Finding Equilibrium

Robert Schultek Author of
The Gauntlet

The new world of work continues to evolve. Companies are testing different mixes of virtual and in-person environments, seeking equilibrium between the needs of the business and those of their employees.

Driven by market and resource competition, our dependence on technology, including virtual communication, keeps growing. Technology’s inevitable progress facilitates ever-improving productivity, versatility, and innovation. But together with these benefits, each technological advance also delivers negative consequences.

Right now, while we’re learning how to best leverage a dynamic, technology-driven economy to create value for customers, our business, and other key stakeholders, I’m reminded of John Naisbitt’s (‘Megatrends’) High Tech-High Touch prediction. John surmised that the more dependent we become on technology, the greater will be our need to gather, to experience human touch.

Amidst the experiments with different workplace models, some organizations are experiencing this phenomenon. Specifically, two elements that rely on the energy of personal, communal interaction – culture and strategy conception – have been weakened by the lack of regular in-person engagement.

So as our reliance on technology expands, will employees increasingly yearn for a stronger personal connection with their work associates and culture? People want to feel that they are part of a successful and important team; many are seeking opportunities to make a difference and grow.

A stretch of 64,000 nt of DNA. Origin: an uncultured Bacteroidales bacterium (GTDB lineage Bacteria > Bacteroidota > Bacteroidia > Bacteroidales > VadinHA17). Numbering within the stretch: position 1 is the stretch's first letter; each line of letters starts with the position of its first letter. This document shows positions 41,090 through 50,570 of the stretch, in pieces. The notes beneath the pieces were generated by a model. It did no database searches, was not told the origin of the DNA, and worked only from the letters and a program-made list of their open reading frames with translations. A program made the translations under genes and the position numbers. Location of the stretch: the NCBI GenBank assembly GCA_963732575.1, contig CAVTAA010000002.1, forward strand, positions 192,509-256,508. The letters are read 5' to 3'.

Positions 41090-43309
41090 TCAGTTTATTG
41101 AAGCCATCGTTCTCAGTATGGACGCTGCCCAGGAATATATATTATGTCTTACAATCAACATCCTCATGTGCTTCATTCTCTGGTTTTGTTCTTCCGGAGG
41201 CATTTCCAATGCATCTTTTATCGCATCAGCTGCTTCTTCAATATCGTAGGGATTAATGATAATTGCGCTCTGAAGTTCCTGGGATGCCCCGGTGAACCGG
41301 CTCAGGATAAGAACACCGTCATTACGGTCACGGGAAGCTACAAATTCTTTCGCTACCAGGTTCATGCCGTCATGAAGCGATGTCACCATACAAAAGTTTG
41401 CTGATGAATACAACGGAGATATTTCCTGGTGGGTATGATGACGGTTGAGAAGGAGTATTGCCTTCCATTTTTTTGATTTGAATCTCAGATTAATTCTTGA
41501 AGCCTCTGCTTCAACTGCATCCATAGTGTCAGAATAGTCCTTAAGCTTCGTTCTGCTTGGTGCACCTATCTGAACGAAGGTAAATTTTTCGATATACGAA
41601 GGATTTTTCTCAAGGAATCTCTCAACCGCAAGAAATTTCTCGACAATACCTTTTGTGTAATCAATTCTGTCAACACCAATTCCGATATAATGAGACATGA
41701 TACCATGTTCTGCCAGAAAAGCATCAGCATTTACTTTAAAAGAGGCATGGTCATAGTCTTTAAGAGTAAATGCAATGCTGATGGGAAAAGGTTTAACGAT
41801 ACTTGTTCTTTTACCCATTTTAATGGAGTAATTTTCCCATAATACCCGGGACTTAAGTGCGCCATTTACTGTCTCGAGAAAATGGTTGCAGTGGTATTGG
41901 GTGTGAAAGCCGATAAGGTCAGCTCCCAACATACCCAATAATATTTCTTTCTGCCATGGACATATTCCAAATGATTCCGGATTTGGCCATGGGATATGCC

Technology is a necessity that enables progress, but it can’t fully replicate the prevailing human need to belong, to care, and to be valued. Nor can technology be a substitute for personal commitment, responsibility, and authenticity. These are the essential ingredients of trust, enduring relationships, and culture.

And because productive strategy execution is dependent on a culture that encourages curiosity, initiative, appreciation, and collaboration, nurturing greater in-person engagement should be an integral component of beneficial technological progress.

As new work models are evaluated, preserving equilibrium between high-tech progress and high-touch in-person interactions will become increasingly vital for creating value, building enduring relationships, and ensuring that your people feel healthy, creative, and energized.

How well is your business managing the equilibrium between high tech and high touch?

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